Tuesday, January 8, 2013

First look: The Seattle Times Pictures Of The Year | 2012

Thanks to a tweet I was referred to a story that appeared on paidContent.org concerning the new eBook published by the photography staff of The Seattle Times, which then led me to download the eBook for myself. For anyone looking to create their own eBooks for sale within the Apple Bookstore this is a good example to look at.

Sold under the name Photo Staff of The Seattle Times, the eBook was created using Apple's own free software solution, iBooks Author. The software package, like any new software, takes a little time to get used to, but does produce an attractive eBook. What the staff of The Seattle Times has produced may be fairly simple, but it is attractive, professional in appearance, and worth purchasing. No, it doesn't have the fancy animations found in some textbooks Apple has promoted, but it a major step up from a simple Kindle Edition.
The Seattle Times Pictures Of The Year | 2012 is priced at $2.99 and appeared in the iTunes store on December 12. Because the staff used iBooks Author the book will have a little icon displayed in the Book Description and should appear in the section Apple uses to promote eBooks made with their solution. Unfortunately, I did not see the book there (which is why I missed it when launched), hardly a good way for Apple to encourage new publishers.

I was not surprised to see that the staff decided to lock in the eBook into landscape orientation only. I did this myself with the first book I've produced, a vacation eBook for the family. Most pictures are naturally in landscape, especially when shot with professional DSLR cameras. But portrait shots can be accommodated in number of ways. One way is to simply let them be shown in landscape – sideways, in other words. I don't like this solution, but this eBook used that at least once.

Another way to handle it is to make the photo less than full screen in height, and then let the photo fill the screen upon tapping. Another way, not employed here, is to have the thumbnail be in portrait, then let then link it to another shot seen in landscape (sideways). None of these options are optimal, but they are not that annoying, either.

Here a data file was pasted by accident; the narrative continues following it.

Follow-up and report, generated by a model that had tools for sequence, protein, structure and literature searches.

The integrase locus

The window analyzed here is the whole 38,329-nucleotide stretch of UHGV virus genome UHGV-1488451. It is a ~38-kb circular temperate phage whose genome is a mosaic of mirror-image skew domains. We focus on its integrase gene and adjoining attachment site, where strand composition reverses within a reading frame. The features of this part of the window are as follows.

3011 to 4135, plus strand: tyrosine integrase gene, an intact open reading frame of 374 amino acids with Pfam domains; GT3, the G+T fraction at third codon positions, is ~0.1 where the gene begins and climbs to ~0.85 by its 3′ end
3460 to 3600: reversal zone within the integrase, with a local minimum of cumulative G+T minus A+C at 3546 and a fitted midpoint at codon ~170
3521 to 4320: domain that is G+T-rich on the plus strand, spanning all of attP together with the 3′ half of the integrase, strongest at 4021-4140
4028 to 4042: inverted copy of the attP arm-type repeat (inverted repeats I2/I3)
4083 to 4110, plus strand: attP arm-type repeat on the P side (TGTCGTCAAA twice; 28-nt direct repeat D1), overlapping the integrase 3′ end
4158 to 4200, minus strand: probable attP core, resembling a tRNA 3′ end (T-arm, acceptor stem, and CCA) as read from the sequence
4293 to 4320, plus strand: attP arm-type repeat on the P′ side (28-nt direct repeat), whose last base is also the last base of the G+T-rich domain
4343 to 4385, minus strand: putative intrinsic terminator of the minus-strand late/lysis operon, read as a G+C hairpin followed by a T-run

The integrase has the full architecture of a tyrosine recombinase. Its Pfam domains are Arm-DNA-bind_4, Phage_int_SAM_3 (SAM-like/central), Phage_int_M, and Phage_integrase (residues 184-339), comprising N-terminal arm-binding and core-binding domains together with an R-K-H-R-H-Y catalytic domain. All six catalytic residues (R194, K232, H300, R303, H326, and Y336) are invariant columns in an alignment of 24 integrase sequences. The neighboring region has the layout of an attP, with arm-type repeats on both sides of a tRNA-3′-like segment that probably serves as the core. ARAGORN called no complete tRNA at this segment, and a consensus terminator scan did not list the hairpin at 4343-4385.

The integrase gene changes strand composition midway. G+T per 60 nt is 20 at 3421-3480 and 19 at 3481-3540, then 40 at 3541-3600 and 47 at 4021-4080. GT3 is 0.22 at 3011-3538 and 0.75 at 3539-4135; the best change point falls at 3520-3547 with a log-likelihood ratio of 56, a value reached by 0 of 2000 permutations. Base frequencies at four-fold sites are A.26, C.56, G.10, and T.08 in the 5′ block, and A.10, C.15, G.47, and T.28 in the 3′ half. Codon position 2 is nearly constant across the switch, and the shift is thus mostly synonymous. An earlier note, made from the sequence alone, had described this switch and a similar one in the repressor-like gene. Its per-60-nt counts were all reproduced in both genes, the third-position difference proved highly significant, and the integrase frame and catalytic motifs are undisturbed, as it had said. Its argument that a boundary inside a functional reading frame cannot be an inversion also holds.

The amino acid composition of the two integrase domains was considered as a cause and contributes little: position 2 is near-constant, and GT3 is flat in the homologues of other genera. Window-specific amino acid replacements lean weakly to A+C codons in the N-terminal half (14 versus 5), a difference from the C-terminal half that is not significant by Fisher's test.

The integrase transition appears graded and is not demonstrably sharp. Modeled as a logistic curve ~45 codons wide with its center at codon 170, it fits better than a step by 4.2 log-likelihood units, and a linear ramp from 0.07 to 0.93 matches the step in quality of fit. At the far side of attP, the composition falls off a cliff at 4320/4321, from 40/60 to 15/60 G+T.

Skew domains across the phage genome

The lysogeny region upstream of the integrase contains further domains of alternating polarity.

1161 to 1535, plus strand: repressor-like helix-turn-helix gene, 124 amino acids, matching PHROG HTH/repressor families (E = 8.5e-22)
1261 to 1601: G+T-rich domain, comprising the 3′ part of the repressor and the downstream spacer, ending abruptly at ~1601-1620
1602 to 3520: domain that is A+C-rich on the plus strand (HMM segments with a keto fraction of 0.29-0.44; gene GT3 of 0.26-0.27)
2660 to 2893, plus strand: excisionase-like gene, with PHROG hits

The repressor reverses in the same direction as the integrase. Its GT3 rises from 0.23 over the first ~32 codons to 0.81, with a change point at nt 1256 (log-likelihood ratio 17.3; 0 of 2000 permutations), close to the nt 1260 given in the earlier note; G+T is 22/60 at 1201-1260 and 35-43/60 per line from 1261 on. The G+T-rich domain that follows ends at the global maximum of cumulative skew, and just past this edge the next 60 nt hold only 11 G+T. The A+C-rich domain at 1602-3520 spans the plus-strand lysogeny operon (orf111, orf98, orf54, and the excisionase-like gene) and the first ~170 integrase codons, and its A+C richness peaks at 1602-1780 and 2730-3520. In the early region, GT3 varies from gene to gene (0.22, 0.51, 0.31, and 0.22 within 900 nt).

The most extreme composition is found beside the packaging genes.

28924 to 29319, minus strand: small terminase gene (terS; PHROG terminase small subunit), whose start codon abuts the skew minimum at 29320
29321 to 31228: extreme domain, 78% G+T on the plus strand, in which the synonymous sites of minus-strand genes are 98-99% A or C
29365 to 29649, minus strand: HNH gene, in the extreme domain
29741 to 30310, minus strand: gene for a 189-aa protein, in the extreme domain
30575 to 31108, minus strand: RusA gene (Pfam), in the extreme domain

Obviously, the star of any eBook will be the photography, which is why the platform is perfect for the subject. The idea of publishing a first eBook of photos is a great way for any newspaper to start, and the costs are minimal.

Unlike the developer program, which costs $99 per year, Apple does not charge to set up an account to sell eBooks. But each book published, if one charges for the book, requires an International Standard Book Number (ISBN). The cost for a single ISBN is $125. One can also buy a block of 10 ISBN numbers for $250, which would cover you should you decide to publish your eBook in a format other than IBA, the iBooks Author format.

The obvious downside to using iBooks Author is that the eBook produced can only be sold in Apple's bookstore. Many independent publishers are struggling with the question of whether they should produce an ePub book instead so that the distribution is wider. But for early experimentation, especially in the area of photography, textbooks, and the like, iBooks Author seems to be a good solution.

If there is any disappointment with the platform it is simply that, while there were a few add-on programs created immediately after its release, these have been reduced to a trickle – and are rarely of much help anyways (just some new templates that really aren't that much different from what you get with Apple). Also, Apple has not brought eBooks created with iBooks Author to the iPhone – why is really anyone's guess.

The one thing to be pointed out with the eBook from The Seattle Times is the decision, which I like, to not use Apple's chapter mechanism to create a new chapter for each month. Instead, this eBook contains only two chapters: one for the monthly content of photographs, the other for the credits.

Update: I left out one detail from my original post: the size of the download. At just over 500 MB one might think that the eBook is too large. I'm not sure that is the case. First of all, Apple has a 3 gig limit on eBooks, this is far short of that. Plus, with over 100 photos and 12 videos in the book, one would expect it to be large – and besides, the download (and installation) was very quick.

I think the real issue here is the storage level of most tablets. If Apple really wants to sell interactive eBooks, movies and more, it will have to supply more storage in its iPads - cloud storage is not the solution, or at least the total solution. I'm constantly having to dump great apps such as Played in Britain simply because of space limitations.

Here is a brief walk-through video of a portion of the new eBook: